Comprehensive Racial Profiling Bill. The ACLU, the Urban League, PrYSM and other groups testified at a House hearing in support once again of a comprehensive racial profiling bill, sponsored by Sen. Rhoda Perry and Rep. Joseph Almeida. As in past years, the State Police and the RI Police Chiefs Association expressed opposition to the bill, which would significantly strengthen the state’s current racial profiling law. Although data continue to demonstrate that both blacks and Latinos are disproportionately stopped and searched by police in the state, even though they are less likely than whites to be found with contraband, police officials deny there is any need for legislation to deal with this serious problem. Unfortunately, the bill is again facing an uphill battle. (H-5108, S-155)
“Primary Seat Belt” Law. Although promoted as a safety measure, the State Police and the Department of Transportation decided to use the Governor’s budget this year as their vehicle to make seat belt use in the state a primary offense. At present, police can issue a seat belt ticket only if the driver has been pulled over for another reason. The ACLU testified that allowing police to pull over suspected seat belt violators will only increase the extent of racial profiling occurring in Rhode Island. (H-5983, Article 18)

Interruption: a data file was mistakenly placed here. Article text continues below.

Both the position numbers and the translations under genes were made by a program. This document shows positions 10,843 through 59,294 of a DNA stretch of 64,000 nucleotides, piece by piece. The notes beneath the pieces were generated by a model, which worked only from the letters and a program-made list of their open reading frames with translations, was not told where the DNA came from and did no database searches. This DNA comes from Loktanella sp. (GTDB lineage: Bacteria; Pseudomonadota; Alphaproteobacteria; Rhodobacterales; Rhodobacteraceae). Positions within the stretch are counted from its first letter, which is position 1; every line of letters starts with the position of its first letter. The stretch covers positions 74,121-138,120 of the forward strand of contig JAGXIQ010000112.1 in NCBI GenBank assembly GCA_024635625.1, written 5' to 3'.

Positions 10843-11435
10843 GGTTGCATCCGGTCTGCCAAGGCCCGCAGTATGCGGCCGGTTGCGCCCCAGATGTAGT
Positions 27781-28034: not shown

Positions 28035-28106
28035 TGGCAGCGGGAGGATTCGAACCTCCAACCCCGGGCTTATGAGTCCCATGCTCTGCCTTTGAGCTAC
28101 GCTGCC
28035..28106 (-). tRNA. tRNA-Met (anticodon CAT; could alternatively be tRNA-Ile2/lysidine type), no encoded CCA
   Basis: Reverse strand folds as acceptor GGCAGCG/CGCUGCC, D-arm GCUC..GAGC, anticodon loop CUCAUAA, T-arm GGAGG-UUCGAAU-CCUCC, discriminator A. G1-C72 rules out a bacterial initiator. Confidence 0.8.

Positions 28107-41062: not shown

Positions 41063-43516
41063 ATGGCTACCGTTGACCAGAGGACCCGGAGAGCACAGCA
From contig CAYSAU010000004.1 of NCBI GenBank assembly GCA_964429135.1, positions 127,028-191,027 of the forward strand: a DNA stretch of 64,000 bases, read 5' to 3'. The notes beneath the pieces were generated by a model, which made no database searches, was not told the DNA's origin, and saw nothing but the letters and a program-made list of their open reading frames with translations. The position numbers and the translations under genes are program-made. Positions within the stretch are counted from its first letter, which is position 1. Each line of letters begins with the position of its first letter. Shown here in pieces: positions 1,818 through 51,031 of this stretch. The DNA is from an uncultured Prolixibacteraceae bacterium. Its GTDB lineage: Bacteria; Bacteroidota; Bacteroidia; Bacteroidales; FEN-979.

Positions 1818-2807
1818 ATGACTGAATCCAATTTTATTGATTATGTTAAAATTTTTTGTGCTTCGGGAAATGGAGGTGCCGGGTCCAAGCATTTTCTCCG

Rights of Juveniles
School Uniforms. The Senate has approved a bill authorizing Woonsocket schools to require students to wear school uniforms. Although officials have touted the idea as a way to reduce school disciplinary problems, the ACLU noted that empirical evidence contradicts that notion.
In testimony before House and Senate committees, the ACLU further argued that compulsory school uniforms “promote a kind of regimentation and standardization that contradict the basic principles of individualism, free expression, and independent thinking” the school system should be encouraging. Thus far, the House has taken no action on a companion bill. (H-5077, S-20).
Youth Sports Council. The RI ACLU testified against a bill that aims to set up a government- appointed council to “provide oversight” of private youth sports organizations in the state, including the power to impose fines against coaches, players, parents or officials in response to complaints the council receives arising from youth sporting events.
In urging rejection of the bill, the Affiliate noted that it contains no standards at all as to how the council would handle complaints or impose fines, or what offenses could subject individuals to penalties. (H-5307, S-169)